Commercial refrigerator malfunctioning on gfi.

synchro

Senior Member
Location
Chicago, IL
Occupation
EE
Just had a customer call and say their commercial refrigerator was malfunctioning, shutting off, circuit board resetting. He called the manufacturer, and they asked if it was on a gfi circuit, which it is. They said he needed some sort of filter, because their product doesn’t like gfi’s.
I wonder if the refrigerator has some internal ground fault detection circuitry of its own that is falsely tripping due to an interaction with the grounded neutral detection circuit in the GFCI breaker or receptacle (which Jon mentioned in his post #9 above). It seems hard to believe that a small test signal of several kHz at the line input of the refrigerator would directly cause internal digital logic in its controller to malfunction. But such a test signal intentionally has common-mode content, which ground fault detection circuitry is designed to pick up with a high level of sensitivity. A filter which attenuates such signals (as it seems the manufacturer is suggesting) might prevent this from happening.
 

hillbilly1

Senior Member
Location
North Georgia mountains
Occupation
Owner/electrical contractor
The owner said they recommended a Tripplite isobar surge protector, which he wrote down the model back at the plant, but doesn’t have it with him. We are spending the weekend down at his coastal property right now.
Can’t get away from work, his nephew’s camper cord wasn’t long enough to reach the pedestal, (I had dibs on connecting closer) so I had to run another outlet.
 

garbo

Senior Member
Just had a customer call and say their commercial refrigerator was malfunctioning, shutting off, circuit board resetting. He called the manufacturer, and they asked if it was on a gfi circuit, which it is. They said he needed some sort of filter, because their product doesn’t like gfi’s. Doesn’t trip the outlet, just screws up the electronics in the refrigerator. Just a heads up if anybody else has came across this problem. Manufacture said the problems started when the code requirements changed.
The large hospital that I retired from had several freezers and an expensive doubled sided refrigerated case with 4 full size doors on both sides ( one side was clean room where they mixed medicines ). They would trip out 5 ma trip GFCI bolt on 20 amps on single pole circuit breakers once every 5 to 7 days. I spent time on fancy 8 door unit. Removed wires and meggered everything but the control board with a megger first using 250 volts then 500 volts and all readings were good. Finally replaced GFCI 5 ma trip circuit breakers with think they were called equipment GFCI circuit breakers and none of them ever tripped out. Would clear it with the local AHU before changing over to 30 ma trip breakers.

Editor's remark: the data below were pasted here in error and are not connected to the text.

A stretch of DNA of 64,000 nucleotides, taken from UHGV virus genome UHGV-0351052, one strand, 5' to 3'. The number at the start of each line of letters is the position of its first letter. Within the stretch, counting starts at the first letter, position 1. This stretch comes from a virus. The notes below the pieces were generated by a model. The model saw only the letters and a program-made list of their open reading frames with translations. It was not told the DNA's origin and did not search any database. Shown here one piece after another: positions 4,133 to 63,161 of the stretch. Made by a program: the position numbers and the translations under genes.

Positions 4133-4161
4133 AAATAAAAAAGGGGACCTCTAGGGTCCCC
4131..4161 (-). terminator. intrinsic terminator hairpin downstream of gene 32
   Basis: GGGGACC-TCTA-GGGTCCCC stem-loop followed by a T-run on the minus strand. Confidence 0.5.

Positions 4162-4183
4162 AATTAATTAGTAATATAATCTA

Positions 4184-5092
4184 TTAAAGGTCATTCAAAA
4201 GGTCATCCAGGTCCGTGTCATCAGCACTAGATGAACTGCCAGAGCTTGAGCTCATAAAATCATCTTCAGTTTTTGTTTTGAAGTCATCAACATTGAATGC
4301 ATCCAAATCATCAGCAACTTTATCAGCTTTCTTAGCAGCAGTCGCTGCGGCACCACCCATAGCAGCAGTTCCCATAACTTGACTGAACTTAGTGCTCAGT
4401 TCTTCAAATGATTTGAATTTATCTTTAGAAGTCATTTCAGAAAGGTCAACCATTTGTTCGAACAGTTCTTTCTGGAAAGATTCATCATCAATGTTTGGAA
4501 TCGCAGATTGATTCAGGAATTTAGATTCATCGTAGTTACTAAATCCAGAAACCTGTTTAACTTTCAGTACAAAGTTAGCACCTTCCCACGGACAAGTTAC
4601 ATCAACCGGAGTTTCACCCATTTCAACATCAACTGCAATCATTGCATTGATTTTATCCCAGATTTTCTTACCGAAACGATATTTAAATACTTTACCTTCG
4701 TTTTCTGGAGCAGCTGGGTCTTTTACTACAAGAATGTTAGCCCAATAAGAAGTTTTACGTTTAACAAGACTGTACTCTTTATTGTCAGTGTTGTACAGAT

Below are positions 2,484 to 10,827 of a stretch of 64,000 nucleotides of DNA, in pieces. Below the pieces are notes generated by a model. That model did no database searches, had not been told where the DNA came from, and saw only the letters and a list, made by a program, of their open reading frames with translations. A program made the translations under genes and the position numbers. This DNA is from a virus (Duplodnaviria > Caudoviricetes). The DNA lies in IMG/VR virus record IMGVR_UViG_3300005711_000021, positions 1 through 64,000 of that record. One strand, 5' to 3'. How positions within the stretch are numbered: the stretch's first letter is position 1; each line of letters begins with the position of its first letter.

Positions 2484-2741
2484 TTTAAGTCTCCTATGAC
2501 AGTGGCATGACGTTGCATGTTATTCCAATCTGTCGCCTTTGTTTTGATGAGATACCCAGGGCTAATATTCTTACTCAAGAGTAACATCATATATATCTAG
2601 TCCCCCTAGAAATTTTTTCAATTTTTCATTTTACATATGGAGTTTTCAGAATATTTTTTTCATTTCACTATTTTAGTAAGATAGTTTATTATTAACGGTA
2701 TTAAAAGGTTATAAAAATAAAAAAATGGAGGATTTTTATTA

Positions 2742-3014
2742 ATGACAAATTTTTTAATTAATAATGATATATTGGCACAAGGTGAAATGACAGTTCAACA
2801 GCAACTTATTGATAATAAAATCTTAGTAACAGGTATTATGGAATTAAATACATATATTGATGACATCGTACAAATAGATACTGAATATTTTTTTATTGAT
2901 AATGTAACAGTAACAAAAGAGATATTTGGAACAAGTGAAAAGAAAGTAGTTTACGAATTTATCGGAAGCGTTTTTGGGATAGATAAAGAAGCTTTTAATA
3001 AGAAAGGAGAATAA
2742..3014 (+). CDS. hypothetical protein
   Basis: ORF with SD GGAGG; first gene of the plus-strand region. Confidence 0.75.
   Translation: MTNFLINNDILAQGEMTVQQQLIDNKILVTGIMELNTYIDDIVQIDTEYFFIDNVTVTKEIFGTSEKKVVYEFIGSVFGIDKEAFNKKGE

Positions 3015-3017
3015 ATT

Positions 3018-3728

hillbilly1

Senior Member
Location
North Georgia mountains
Occupation
Owner/electrical contractor
The large hospital that I retired from had several freezers and an expensive doubled sided refrigerated case with 4 full size doors on both sides ( one side was clean room where they mixed medicines ). They would trip out 5 ma trip GFCI bolt on 20 amps on single pole circuit breakers once every 5 to 7 days. I spent time on fancy 8 door unit. Removed wires and meggered everything but the control board with a megger first using 250 volts then 500 volts and all readings were good. Finally replaced GFCI 5 ma trip circuit breakers with think they were called equipment GFCI circuit breakers and none of them ever tripped out. Would clear it with the local AHU before changing over to 30 ma trip breakers.
What’s weird is, it is not tripping the gfi, the refrigerator circuit board is resetting, and the manufacturer says it’s the gfi causing it, and to remove it. Haven’t got back out there yet, I think the owners son has already changed out the receptacle. I’m on a far more important project for him right now finishing up a new 1600 amp service for him.
 
Top